There can be few more frightening experiences than an earthquake, and last Friday’s quake that has devastated Japan will rank among the strongest ever recorded. Ranking 9.0 on the scale of magnitude, the Sendai, Japan quake ranks fifth among earthquakes in recorded history, coming after the 1960 quake in Chile (9.5), the 1964 quake at Prince William Sound, Alaska (9.2), the deadly Sumatra, Indonesia quake of 2004 (9.1), and the 1952 quake at Kamchatka, Russia (9.0).
But then, adding misery and terror to the devastating damage caused by the earthquake, a massive tsunami caused by the quake inundated countless miles of Japan’s coastline, taking several villages completely out to sea. The loss of energy caused by the quake and tsunami then led to another looming disaster — at least a partial meltdown of the reactor cores at two, and possibly more, nearby nuclear power plants. As if all that was not enough, a volcano in southern Japan erupted on Sunday, underlining that fact that the island nation rests atop the Pacific’s feared “Ring of Fire.”
Japan is perched on the edge of the Tuscarora Deep, a cleft in the earth’s crust five miles in depth that runs alongside the nation’s coastline. The massive stresses that build up along the Tuscarora Deep produce the historic earthquakes that Japan has experienced throughout its history — but never before so severe as on Friday.
The death toll from the disaster is not yet known, but early on Monday the Japanese government warned that the loss of life would likely be far greater than first thought. The deaths are not likely to come even close to the 230,000 who died in the 2004 Indonesian earthquake and tsunami, but the suffering and grief will be incalculable. The economic devastation to Japan may exceed that of any previous natural disaster anywhere in the world.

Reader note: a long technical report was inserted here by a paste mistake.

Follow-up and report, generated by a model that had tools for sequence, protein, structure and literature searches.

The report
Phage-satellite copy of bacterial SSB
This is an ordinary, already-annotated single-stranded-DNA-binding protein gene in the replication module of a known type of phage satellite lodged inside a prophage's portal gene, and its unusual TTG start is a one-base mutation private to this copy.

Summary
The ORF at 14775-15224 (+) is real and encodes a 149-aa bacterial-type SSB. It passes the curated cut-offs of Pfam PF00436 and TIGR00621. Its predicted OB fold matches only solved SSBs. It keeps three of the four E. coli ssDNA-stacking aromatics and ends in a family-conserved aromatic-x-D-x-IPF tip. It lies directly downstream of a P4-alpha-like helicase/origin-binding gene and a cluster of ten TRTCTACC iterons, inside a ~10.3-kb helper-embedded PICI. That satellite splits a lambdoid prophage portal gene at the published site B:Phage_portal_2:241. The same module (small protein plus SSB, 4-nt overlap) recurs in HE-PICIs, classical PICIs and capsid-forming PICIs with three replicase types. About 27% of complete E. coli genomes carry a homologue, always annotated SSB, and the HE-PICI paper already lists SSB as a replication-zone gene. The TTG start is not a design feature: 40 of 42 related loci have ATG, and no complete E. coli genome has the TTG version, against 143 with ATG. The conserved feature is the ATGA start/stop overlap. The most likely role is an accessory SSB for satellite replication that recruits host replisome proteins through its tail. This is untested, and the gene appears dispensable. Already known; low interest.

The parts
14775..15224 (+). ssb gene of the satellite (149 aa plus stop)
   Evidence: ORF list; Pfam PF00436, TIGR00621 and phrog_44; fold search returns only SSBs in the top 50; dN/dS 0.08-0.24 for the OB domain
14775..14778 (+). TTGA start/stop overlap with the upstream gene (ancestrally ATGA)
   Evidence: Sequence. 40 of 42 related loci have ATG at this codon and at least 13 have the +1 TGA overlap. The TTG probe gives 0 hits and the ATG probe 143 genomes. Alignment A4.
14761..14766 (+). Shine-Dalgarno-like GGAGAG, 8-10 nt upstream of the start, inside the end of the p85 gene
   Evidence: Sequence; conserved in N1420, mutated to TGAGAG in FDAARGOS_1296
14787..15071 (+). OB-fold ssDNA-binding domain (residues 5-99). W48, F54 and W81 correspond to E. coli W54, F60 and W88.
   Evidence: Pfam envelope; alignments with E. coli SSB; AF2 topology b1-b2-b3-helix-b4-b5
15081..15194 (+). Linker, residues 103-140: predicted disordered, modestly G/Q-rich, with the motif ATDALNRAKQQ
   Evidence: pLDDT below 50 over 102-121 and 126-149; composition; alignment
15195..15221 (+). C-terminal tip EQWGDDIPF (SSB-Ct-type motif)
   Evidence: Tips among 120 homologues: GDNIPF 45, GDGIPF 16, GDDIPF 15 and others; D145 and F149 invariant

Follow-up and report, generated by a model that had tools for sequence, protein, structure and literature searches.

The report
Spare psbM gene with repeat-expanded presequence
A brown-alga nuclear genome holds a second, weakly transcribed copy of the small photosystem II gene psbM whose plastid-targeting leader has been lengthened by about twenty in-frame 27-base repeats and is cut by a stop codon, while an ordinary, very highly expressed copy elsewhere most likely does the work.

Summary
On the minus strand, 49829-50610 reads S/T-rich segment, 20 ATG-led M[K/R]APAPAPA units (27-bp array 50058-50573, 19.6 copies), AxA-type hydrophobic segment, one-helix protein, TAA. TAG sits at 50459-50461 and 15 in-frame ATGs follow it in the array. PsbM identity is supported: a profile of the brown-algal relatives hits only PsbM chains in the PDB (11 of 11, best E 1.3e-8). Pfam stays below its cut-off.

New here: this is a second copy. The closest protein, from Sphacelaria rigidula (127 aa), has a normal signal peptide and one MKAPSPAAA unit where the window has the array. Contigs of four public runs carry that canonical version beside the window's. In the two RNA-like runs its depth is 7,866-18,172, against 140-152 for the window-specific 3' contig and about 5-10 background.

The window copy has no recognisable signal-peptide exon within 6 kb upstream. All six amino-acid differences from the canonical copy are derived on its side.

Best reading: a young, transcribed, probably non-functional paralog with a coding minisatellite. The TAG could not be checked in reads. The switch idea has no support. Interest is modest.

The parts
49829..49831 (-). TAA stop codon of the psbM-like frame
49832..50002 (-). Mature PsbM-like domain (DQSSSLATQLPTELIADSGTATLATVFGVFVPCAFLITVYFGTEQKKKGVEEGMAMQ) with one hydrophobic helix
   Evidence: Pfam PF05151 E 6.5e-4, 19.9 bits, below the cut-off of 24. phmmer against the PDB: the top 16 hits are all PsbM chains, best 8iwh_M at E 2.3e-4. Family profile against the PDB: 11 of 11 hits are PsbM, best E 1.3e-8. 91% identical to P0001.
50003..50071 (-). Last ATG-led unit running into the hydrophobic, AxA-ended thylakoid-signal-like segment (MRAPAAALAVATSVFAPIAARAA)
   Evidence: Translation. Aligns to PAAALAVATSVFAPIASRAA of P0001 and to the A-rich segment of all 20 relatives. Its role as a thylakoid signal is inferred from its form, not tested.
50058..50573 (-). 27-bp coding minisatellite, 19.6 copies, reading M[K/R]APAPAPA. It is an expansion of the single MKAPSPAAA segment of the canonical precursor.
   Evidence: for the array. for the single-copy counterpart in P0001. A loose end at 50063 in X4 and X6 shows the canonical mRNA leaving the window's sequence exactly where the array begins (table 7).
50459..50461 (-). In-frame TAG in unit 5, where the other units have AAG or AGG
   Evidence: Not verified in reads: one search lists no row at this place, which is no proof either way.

Japan is the most disaster-ready nation on earth. Its building codes, warning systems, emergency services, and disaster response teams are the best in the world. But there was no amount of human planning that could have stopped this destruction. This disaster lies far outside the range of human control or preparedness.
We must pray for the people of Japan. We must pray for the lives that can be saved and for the grieving families who have lost loved ones. We must pray that this horrible disaster may be used to call the people of Japan to the Lord as their only hope and refuge. The nation is still shaped by its Shinto, Buddhist, and Animist roots.
Disasters like this often bring out the most reckless forms of theologizing. The earthquake and tsunami are indeed horrifying reminders that this world shows all the marks of God’s judgment on sin, and that the whole creation groans under the weight of sin.
Nevertheless, Jesus warned his disciples about drawing the conclusion that a natural disaster can be traced to the sins of those who directly suffer its effects (Luke 13:1-5). God causes the rain to fall on both the just and the unjust (Matthew 5:45). We must remember that when we read the headlines and see the images of a disaster wherever it may happen.
In 1755, a great earthquake devastated Lisbon, Portugal, causing great loss of life throughout the Iberian Peninsula. This tragedy caused many Europeans, recently shaken by the secularism of the early Enlightenment, to abandon their belief in God. This just compounds the tragedy. We must affirm both the sovereign power and the loving character of God, and that means that we must know that disasters like this will test both our faith and our faithfulness.
The people of Japan are now on our hearts. We must pray for them even as we do all within our power to help. And then, when the grieving turns to the hard work of recovery and rebuilding, the true test for American Christians will be whether our commitment to the Gospel of Christ will lead to a renewed effort to reach the nation of Japan with the message of Jesus Christ, the Solid Rock.
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